Claims to be a trademark. Is not cited at all, let alone for WT:BRAND. Encyclopedic. DCDuringTALK 00:27, 7 January 2011 (UTC)
Delete. Encyclopedic-only, time to clear out the crap. Mglovesfun (talk) 01:57, 7 January 2011 (UTC)
I've added the entry Academy Award and RFDed it (because I assume the nominator of the plural wants to see the singular gone, too, not because I do). I've also cited it, I think sufficiently to meet our CFI. (If not, it still may well be possible to do so.) Keep and RFV if desired, but convert the plural to a normal plural-of-noun entry.—msh210℠ (talk) 21:59, 11 January 2011 (UTC)
Not sure what rules are being applied, but it looks like this passes (or could pass) the strictest of them. Keep both.DAVilla 02:48, 16 January 2011 (UTC)
I'm confused. It's a "Proper noun" but it's being defined as a plural common noun ("prizes"). ---> Tooironic 01:21, 17 January 2011 (UTC)
The plural is a trademark for the set of prizes. Equinox◑ 10:49, 17 January 2011 (UTC)
Isn't it also the show where said prizes are awarded? DAVilla 18:49, 25 January 2011 (UTC)
I would like to see some citations that illustrate how this meets WT:BRAND. DCDuringTALK 20:00, 26 September 2011 (UTC)
It seems ok for me. Search for "two academy awards" for example either on Gbooks or on Gnews: no ™ or ® postfixed and most sources are not affiliated with the registrant. — Xavier, 00:07, 29 September 2011 (UTC)
I still don't see any citations in the entry or on the citations page. DCDuringTALK 00:49, 29 September 2011 (UTC)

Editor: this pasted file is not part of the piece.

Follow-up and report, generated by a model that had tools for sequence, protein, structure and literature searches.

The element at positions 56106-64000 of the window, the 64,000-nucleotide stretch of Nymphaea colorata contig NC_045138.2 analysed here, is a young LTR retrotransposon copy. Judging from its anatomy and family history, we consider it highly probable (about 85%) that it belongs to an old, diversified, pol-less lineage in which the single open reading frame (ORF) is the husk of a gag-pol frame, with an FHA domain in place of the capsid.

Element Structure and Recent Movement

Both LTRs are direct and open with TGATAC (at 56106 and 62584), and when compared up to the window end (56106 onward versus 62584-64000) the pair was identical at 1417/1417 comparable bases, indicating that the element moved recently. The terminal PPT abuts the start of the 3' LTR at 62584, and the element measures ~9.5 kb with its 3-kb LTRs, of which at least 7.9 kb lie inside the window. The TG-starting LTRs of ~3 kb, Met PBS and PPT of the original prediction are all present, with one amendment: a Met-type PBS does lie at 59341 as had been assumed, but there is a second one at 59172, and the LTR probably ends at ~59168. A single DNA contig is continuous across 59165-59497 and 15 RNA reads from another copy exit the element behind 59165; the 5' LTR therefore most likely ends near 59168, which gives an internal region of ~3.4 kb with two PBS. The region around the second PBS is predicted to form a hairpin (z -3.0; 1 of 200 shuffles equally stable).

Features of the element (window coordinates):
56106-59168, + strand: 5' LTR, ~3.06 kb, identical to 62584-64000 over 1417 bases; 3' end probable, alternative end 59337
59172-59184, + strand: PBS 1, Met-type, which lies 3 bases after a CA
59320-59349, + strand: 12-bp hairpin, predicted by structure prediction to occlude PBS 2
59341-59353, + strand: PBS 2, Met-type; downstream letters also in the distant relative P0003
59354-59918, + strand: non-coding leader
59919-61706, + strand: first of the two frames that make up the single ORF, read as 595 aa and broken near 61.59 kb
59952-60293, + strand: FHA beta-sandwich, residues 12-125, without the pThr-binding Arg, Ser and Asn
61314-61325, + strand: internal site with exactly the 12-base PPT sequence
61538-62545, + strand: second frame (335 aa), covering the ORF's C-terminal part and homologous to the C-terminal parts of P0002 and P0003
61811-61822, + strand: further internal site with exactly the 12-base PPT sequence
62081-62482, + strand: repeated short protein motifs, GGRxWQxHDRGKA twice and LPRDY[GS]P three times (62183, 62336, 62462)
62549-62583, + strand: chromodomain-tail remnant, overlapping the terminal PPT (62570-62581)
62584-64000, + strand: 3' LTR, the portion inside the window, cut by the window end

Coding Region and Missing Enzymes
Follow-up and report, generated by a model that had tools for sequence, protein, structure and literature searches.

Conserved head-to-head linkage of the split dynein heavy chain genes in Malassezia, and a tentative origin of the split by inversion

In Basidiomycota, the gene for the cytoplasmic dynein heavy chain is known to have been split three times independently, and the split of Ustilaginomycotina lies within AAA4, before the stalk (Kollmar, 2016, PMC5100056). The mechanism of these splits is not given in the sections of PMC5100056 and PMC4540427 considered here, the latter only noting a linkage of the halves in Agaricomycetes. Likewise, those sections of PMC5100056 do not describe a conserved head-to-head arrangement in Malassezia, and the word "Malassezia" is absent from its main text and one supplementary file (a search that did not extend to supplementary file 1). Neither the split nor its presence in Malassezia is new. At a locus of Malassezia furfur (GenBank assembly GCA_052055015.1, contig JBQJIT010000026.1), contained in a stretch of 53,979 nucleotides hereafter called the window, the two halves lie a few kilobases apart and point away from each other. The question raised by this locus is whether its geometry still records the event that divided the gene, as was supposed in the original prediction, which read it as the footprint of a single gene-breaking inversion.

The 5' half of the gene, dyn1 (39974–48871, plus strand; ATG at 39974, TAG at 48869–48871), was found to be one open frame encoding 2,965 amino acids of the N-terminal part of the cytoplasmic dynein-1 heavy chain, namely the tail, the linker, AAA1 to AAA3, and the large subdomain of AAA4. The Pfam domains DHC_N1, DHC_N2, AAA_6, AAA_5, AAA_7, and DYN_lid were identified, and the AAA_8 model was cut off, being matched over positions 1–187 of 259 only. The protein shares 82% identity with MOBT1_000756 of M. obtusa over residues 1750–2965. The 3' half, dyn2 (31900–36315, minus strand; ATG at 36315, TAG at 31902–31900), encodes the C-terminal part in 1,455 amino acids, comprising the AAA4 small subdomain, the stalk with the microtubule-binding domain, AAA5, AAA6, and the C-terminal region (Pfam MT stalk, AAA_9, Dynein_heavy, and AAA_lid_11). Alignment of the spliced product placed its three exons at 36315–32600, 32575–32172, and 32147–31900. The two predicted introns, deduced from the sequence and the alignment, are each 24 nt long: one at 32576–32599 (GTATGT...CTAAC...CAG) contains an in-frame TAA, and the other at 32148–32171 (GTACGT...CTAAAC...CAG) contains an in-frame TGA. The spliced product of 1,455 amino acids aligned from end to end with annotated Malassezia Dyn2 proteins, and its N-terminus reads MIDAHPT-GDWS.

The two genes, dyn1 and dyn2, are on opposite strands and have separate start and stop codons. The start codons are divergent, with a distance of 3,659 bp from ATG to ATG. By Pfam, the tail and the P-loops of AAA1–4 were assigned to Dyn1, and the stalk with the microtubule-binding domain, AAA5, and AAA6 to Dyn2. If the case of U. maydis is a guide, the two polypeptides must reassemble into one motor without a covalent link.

Isn't this just the plural of Academy Award, which is well cited? bd2412T 01:41, 29 September 2011 (UTC)
I don't see any citations in [[Academy Award]] either. Having citations that meet WT:BRAND would enable us to see what its transferred meaning is. If one is only interested in its referent, we do have a sister encyclopedia for that. DCDuringTALK 11:56, 29 September 2011 (UTC)
Also, here's one:
2009, Christina Wilsdon, Animal Defenses, p. 35:
Going limp and lying still works well for many animals, but a few species deserve Academy Awards for their death-feigning skills.
They still make each other smile and they each brag about how smart and talented and wise and tender the other one is and how lucky each is to have met the other and they actually look happy and if it's a front then I say both of them deserve Academy Awards for their splendid performances.